1 CHAPTER 11 PRICE AND OUTPUT IN MONOPOLY, MONOPOLISTIC COMPETITION, AND PERFECT COMPETITION Chapter in a Nutshell Now that we understand the characteristics of different market structures, we ask the question in this and the following chapter: How are prices and output levels determined for firms pursuing profit maximization in different market structures? This chapter analyzes price and output determination for firms in monopoly, monopolistic competition, and perfect competition. We leave the discussion of price and output in oligopoly for the next chapter. A monopolist is a price-maker, since it makes its own pricing and output decisions. At the other extreme, a perfectly competitive firm must take the market-determined price as given and chooses only an output level, so it is a price-taker. Despite these differences, firms in all types of market structures maximize profits by selecting an output level where MR = MC. Monopolists and monopolistic competitive firms must then also find the price that corresponds to this output level on their demand curves. For any type of firm, if total revenue is greater than total cost (which consists of both explicit and implicit costs), there is an economic profit. If total revenue is equal to total cost, then there is a normal profit and the firm breaks even. Maximum efficiency, the production of goods at the lowest possible average total cost, can occur only with perfect competition. A monopoly could earn economic profits that persist even in the long run because of barriers to entry. However, perfectly competitive and monopolistic competitive firms can only earn normal profits in the long run, since there is free entry and exit of firms. An important issue explored toward the end of this chapter is whether perfect competition or monopoly is more desirable. Economists in the Alfred Marshall tradition argue that small competitive firms tend to generate lower prices because with many firms pursuing innovations simultaneously, costs are driven down. However, Schumpeter, Galbraith, and others have argued that larger firms with greater monopoly power are able to realize economies of scale and spend part of their profits on research and development so that lowercost production technology can be introduced. After studying this chapter, you should be able to: Derive the monopolist s marginal revenue curve. Explain how profit is derived in monopoly and why it persists. Discuss short-run equilibrium in monopolistic competition. Use a graph to show long-run equilibrium in monopolistic competition. Distinguish between economic profit and normal profit. Graphically show short-run equilibrium and long-run equilibrium in perfect competition. Explain maximum efficiency in perfect competition. Present examples of price-makers and price-takers. Relate the perfectly competitive firm s supply curve to the market supply curve. Evaluate arguments offered to show the desirability of perfect competition versus monopoly. 218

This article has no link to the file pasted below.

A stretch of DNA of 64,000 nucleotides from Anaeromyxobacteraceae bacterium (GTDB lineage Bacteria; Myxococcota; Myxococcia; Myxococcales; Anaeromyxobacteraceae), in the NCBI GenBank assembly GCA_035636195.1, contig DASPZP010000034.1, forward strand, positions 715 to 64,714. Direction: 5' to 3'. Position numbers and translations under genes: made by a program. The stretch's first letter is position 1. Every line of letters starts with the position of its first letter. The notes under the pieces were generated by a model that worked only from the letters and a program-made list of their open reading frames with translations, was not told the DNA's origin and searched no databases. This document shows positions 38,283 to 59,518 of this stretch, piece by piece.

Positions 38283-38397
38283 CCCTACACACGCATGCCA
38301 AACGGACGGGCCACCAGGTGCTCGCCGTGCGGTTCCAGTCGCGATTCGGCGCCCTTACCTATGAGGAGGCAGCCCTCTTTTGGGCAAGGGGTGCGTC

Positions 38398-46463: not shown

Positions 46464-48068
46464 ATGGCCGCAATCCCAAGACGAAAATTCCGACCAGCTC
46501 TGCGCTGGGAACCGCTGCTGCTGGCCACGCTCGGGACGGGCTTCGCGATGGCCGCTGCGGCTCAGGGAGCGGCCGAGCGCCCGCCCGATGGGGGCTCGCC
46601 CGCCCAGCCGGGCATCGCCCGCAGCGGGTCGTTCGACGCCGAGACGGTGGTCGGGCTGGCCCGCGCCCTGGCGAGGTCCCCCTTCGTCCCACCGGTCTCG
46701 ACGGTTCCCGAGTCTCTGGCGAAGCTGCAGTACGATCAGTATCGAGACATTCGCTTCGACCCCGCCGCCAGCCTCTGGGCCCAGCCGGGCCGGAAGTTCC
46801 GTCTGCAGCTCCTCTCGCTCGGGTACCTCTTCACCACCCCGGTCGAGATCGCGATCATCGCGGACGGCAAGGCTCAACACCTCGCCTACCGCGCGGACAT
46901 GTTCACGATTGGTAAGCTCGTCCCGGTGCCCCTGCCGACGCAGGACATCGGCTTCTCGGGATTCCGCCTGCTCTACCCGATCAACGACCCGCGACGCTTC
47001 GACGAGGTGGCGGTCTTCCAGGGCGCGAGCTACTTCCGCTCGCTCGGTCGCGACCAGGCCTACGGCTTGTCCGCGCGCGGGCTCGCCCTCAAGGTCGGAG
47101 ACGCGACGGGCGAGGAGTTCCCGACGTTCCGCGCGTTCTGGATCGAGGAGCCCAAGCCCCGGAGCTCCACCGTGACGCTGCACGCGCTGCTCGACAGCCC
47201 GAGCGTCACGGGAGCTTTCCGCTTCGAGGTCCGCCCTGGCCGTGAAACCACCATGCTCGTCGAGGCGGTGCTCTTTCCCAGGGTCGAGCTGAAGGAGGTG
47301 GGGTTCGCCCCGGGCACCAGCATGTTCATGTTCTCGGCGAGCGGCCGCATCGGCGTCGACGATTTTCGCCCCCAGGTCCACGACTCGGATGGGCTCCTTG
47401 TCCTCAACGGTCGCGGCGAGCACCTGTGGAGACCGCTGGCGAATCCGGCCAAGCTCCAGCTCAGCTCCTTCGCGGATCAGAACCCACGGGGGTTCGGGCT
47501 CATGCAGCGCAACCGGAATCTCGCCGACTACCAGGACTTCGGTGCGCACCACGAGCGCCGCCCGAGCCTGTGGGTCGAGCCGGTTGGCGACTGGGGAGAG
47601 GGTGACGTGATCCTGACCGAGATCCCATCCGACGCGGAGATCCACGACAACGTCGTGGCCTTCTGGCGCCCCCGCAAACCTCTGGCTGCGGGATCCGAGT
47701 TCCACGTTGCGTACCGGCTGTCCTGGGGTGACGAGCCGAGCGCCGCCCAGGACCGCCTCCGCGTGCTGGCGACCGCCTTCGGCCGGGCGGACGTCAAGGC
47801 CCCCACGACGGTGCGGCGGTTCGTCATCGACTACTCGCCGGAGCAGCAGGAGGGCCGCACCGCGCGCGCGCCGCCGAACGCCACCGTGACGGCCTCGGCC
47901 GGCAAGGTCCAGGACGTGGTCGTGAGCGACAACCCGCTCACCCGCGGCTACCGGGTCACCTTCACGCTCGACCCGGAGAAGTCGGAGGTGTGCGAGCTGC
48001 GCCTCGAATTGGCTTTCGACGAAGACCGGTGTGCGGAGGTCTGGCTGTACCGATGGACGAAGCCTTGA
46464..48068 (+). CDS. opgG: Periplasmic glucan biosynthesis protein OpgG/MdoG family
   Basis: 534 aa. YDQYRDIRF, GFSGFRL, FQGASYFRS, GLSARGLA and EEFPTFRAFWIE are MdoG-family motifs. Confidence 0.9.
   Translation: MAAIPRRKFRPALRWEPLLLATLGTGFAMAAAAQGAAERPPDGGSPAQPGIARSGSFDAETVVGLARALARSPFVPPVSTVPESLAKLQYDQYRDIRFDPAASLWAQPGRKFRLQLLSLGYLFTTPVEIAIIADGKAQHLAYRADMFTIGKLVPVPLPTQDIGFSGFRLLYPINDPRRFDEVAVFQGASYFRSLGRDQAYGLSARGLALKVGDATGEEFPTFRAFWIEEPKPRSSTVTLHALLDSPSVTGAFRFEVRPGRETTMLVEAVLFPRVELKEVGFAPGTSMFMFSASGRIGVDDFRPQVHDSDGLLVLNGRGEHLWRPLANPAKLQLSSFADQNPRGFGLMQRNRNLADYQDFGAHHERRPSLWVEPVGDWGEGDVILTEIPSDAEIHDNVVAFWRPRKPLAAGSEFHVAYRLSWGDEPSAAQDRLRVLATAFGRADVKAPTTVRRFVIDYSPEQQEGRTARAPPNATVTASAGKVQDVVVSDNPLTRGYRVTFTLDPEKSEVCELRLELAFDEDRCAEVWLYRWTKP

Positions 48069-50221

2 THE MICROECONOMICS OF PRODUCT MARKETS 219 Concept Check See how you do on these multiple-choice questions. This question asks you to consider the goal for a monopolist. Would a monopolist s goal be different from that of other types of firms? 1. The primary goal of a monopolist is to a. produce at the most efficient output level to maximize profit b. select the highest possible price c. earn the maximum profit d. ensure corporate survival in the face of intense competition e. maximize market share Given the monopolist s goal, what output should a monopolist choose to produce? 2. The monopolist s decision to produce where marginal revenue is equal to marginal cost generates a. an efficient level of production b. production to the left of the minimum of the average total cost curve c. production to the right of the minimum of the average total cost curve d. chronic excess demand e. a price that is higher than consumers are willing to pay Is there a difference between economic profit and normal profit? 3. What is the relationship between economic profit and normal profit? a. They are identical b. Only normal profit is earned in the long run by a price-taker c. Normal profit is greater than economic profit d. Economic profit is just enough to keep a firm in the market whereas normal profit is greater e. A firm will earn economic profit in the long run, but no normal profit Some firms can control the price they charge and others cannot. 4. A price-maker can while a price-taker must to maximize profits. a. raise price; lower price b. select price; accept the market price c. dictate prices to others; follows the price lead of the price-dictating firm d. advertise; rely on brand loyalty to control price e. enter new markets to control price; innovate to control price What is the shape of the long-run average total cost curve when a firm experiences economies of scale? 5. Firms that enjoy economies of scale can a. increase production but suffer increasing short-run average total cost b. increase production and at the same time have constant average total cost c. avoid diseconomies of scale by increasing the size of the firm d. enjoy higher stock prices as more shares are issued e. increase production and enjoy decreasing long-run average total cost